the nasa - ebay conspiracy theory



#2

there was a thread a while back about a fictional "industrial buyer". maybe he wasn't so fictional; is nasa buying up all the mint 41's to use as backup landing and antena targeting computers? and maybe they are the ones that bought the $2000 hp65, just in case they revive the apollo-soyuze program. not. but here is the article anyway.

NASA SEARCHES WEB FOR SHUTTLE PARTS
By Corinne Podger BBC science reporter May 13

The American space agency (Nasa) has begun trawling the internet for spare parts for its shuttles, according to United Space Alliance, the company that runs the shuttle fleet.
The shuttles, first launched in 1981, often rely on computer components that are so out of date, they are no longer made.
The orbiters even use a type of computer disk drive that was outmoded by the end of the 1970s.
Nasa is hunting internet sale and auction sites like Yahoo and e-Bay for shuttle parts that are so antiquated, they would be unrecognisable to the average computer user today.
The agency is particularly short of a type of Intel computer chip known as the 8086.
A chip similar to this was used to power the first personal computers made by IBM in 1981 - the same year as the first shuttle launch.
'Scavenger hunt'
The shuttle operators also need eight-inch floppy disk drives that went out of fashion nearly 20 years ago, and have long since been replaced by much smaller disk drives and CD-Roms.
Nasa is looking for stockpiles of old parts it can buy in bulk to repair old machinery, as well as keeping some spare for future use.
The internet search has been described as ''a scavenger hunt'' by Jeff Carr, spokesman for the Houston-based United Space Alliance.
However, the parts will be needed for at least the next 10 years, with the shuttle due to remain in service until 2012 - and there is a possibility of that being extended to 2020.


#3

Bursted into laughter ! Really, just imagine this a bit seriously...

#4

Yes I can beleive it. Even if NASA never sent the second-hand stuff into space they still need units to train people on or to use in simulators. Wether this is only for computer gear or extends to old HP calculators I don't know, I thought they used the HP48GX (did the French Concord use the HP41? I think I recall some-one asking a question on this forum about that.)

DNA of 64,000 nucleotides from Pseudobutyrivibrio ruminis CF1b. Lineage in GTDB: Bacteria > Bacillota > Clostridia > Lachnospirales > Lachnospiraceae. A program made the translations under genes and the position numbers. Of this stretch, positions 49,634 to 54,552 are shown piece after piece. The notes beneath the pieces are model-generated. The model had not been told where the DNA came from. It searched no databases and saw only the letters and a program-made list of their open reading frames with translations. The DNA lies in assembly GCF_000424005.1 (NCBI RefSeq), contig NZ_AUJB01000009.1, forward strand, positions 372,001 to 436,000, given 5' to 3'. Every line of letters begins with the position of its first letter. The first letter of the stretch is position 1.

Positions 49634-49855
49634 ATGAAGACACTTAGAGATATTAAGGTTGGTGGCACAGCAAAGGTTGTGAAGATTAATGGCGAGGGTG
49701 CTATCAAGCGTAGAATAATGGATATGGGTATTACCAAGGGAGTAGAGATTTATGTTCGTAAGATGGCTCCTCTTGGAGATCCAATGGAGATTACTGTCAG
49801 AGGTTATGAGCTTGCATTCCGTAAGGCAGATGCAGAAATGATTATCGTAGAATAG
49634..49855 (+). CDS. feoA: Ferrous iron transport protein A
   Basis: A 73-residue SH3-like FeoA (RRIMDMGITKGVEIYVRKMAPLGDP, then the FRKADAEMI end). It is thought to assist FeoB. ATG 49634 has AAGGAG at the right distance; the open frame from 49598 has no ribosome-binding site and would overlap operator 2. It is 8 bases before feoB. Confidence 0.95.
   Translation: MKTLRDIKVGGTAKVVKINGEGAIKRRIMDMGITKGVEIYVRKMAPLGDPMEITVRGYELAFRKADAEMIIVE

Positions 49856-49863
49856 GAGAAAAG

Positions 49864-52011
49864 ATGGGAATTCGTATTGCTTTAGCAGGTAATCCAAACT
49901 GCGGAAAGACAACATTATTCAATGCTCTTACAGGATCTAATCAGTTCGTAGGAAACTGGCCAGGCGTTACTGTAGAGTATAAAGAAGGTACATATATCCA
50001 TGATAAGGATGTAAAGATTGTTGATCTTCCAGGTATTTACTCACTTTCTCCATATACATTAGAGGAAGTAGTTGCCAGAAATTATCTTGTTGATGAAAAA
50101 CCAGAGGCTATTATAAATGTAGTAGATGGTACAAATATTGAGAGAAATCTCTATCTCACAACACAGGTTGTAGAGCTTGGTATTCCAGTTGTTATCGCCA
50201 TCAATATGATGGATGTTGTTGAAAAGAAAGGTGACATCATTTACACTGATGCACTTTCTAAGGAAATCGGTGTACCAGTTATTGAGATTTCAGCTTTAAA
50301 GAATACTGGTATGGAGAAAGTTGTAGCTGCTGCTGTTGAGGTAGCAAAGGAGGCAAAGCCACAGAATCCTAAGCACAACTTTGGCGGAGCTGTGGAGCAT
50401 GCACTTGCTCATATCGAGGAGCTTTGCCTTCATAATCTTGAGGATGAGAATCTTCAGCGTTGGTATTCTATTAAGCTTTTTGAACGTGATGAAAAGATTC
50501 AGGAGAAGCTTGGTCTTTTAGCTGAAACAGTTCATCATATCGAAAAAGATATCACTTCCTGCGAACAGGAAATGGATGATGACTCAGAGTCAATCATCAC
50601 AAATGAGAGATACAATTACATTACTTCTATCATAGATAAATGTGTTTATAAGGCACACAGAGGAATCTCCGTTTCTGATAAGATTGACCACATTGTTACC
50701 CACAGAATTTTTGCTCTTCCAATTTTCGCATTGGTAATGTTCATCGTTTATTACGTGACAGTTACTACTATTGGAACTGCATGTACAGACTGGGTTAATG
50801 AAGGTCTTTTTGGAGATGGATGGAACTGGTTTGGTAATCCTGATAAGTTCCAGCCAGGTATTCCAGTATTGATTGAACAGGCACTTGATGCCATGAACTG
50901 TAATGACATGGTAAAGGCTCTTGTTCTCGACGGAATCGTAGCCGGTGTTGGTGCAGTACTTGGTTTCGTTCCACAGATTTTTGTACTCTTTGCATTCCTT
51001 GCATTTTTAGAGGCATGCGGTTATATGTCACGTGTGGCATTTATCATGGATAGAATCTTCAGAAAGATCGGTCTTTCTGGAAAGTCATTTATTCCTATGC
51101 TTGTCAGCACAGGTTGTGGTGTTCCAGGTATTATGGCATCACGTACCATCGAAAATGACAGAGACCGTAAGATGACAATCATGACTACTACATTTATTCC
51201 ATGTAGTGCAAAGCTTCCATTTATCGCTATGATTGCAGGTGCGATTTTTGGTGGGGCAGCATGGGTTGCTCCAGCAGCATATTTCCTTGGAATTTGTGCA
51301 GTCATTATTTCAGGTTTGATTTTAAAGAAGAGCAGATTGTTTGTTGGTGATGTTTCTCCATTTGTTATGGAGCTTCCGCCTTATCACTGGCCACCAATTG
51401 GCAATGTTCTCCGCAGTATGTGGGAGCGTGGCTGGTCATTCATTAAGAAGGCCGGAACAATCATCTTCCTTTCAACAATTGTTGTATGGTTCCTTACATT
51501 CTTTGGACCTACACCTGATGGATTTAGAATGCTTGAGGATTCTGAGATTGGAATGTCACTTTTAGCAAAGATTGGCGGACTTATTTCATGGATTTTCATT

I used to work in a section looking at obsolete parts and although we never resorted to buying second-hand items we did scan all sources for items. Like NASA I guess no company orders enough parts to truely cover the expected life span of products.

The consequencies of not having a small part could mean that whole sections of computer gear would have to be redesigned at a high cost just to stand still.


#5

So XEQ [LANDME] is more than a legend ?

#6

Now, I think there was another running classified ad in the Computer Shopper classified ads, looking for a certain 8 inch floppy drive. I think it might have been a Percsi (sp?) model that was a dual drive that used the same motor to spin both disks.

#7

There used to be a magazine called Computer Shopper which started out as a thin pulp that was largely classified ads for all brands of computers. I found some of my most unusual things there, like my Western Digital Pascal Microengine for which I would sure like to find someone who has a working system and could provide me with a boot disk!

But in those classified ads, for all the time that I subscribed, there was an ad looking for some Burroughs displays, it sounded like a large Nixie-type display. Every month the ad was there. I always figured it was a business looking for out of production components to keep a system up.

I noticed it mainly because I was always looking for a "Panaplex" 16 digit plasma display for my Compucorp calculator (finally found a complete one, swapped the display, and finally learned my original one was working!)(Once I found a Monroe that had the 12 or 14 digit version)(One day, I mean to adapt the original Compucorp to LEDs)


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